Signora Anna hoped the park could be a comfortable place for the elderly, as well as SAIS and University of Bologna students, and she soon became the park’s self-appointed keeper. Membership dues were collected, and under Signora Anna’s stewardship, the patchy grass began to regrow and the rubbish began to disappear. Over time, the Bologna Center donated new garden furniture, installed a ramp for the use of the elderly, and provided the funds for a gazebo.

Signora Anna began to set the rules of the park, and to enforce them in her own strict way. Before long, the park flourished. However, even under Signora Anna’s stewardship, the park manages to generate the occasional controversy. For example, when the city government insisted that dogs should be allowed within the park, a debate escalated into a stand-off between Signora Anna and the city mayor.

The stand-off became a running battle: signs allowing dogs were erected, only to be covered up, or to mysteriously “disappear.” Eventually, the city effectively abandoned any pretense of enforcing Italian citizens’ right to enter Giardini San Leonardo with a canine, and to this day, no dogs have ever been seen in the park. As Bart Drakulich, committee member of the Friends of Giardini San Leonardo and Director of Finance and Administration at the Bologna Center, puts it: “Signora Anna wins all battles of attrition.”

Little is known of Signora Anna herself. An older woman, she lives alongside the park on Via San Leonardo, and she is often spotted in cafes and shops on Via San Vitale. During the warmer months, she can be seen in or around the park grounds, diligently cleaning up public litter, dispersing the undesirables, and strictly enforcing the (that is, her) park rules. As one student who wished to remain anonymous said, Signora Anna can be “mad like a fox,” ruling the park with a loud voice and an iron fist. But it cannot be denied that Signora Anna gets results, and she is a woman on a mission.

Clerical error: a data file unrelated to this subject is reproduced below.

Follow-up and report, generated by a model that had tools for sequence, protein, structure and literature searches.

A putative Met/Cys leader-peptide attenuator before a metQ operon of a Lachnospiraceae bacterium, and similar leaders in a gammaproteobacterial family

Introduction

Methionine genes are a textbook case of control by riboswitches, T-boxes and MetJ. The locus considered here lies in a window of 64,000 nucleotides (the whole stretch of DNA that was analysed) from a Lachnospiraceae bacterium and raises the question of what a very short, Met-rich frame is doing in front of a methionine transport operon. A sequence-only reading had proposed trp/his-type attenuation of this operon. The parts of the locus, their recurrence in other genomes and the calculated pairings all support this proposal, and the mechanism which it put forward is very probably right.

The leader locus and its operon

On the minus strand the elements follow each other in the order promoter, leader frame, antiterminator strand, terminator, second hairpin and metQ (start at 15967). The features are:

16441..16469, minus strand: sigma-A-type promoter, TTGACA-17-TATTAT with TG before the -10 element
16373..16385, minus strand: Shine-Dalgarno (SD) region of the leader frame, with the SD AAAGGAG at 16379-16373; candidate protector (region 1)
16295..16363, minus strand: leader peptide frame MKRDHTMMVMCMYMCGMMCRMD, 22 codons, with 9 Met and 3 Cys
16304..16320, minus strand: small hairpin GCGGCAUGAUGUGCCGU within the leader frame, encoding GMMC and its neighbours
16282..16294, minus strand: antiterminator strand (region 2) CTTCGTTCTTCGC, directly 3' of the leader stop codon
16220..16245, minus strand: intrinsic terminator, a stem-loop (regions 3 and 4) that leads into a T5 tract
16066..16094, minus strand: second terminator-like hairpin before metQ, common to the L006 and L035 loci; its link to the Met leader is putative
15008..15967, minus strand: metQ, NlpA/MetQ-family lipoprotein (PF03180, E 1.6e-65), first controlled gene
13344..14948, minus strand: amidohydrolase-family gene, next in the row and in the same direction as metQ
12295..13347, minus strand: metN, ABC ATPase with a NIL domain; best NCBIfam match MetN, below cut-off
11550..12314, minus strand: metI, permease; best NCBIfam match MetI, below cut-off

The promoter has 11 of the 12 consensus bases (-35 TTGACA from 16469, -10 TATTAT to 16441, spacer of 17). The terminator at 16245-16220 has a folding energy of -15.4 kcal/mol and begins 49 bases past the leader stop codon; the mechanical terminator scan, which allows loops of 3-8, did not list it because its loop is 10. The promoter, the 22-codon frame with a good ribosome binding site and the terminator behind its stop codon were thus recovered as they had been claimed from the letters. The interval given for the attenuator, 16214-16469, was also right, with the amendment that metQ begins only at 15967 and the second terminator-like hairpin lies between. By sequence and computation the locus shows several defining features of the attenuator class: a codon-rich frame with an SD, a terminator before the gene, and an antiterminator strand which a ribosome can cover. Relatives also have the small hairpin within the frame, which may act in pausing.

According to Signora Anna: “The main problem is to control the drug addicts. I have seen seven young Italian students die from drugs in the park. My main aim is to keep the students busy organizing activities and events in the park instead.”

***

There is a classic Italian film called “Cinema Paradiso,” which recounts a filmmaker’s memories of the small village of his youth. As a child, he would watch his neighbors party into the night in the town square, until a seemingly crazy man would – inexplicably and like clockwork – charge into the square shouting: “La piazza è mia!” Eventually, the revellers staggered home to where they belonged.

Near the end of the movie, the filmmaker – now a man – finally returns to his home village after many years of absence, and in the piazza, he encounters the same strange man. He is much older, and still shouts “La piazza è mia!” But now, no one listens to him. Even the indefatigable Signora Anna is unable to look after Giardini San Leonardo forever. Her dream is to see the park managed directly by the Bologna Center, but the city government does not share her willingness to relinquish control of its public spaces. What will happen to the park then? Signora Anna is adamant about what she will do: “La guerra!” – “We fight!” A remembrance event for Marco Biagi will be held in the park in the next month.

In December 2016, Signora Anna was attacked near her home and was hospitalized with two broken ribs.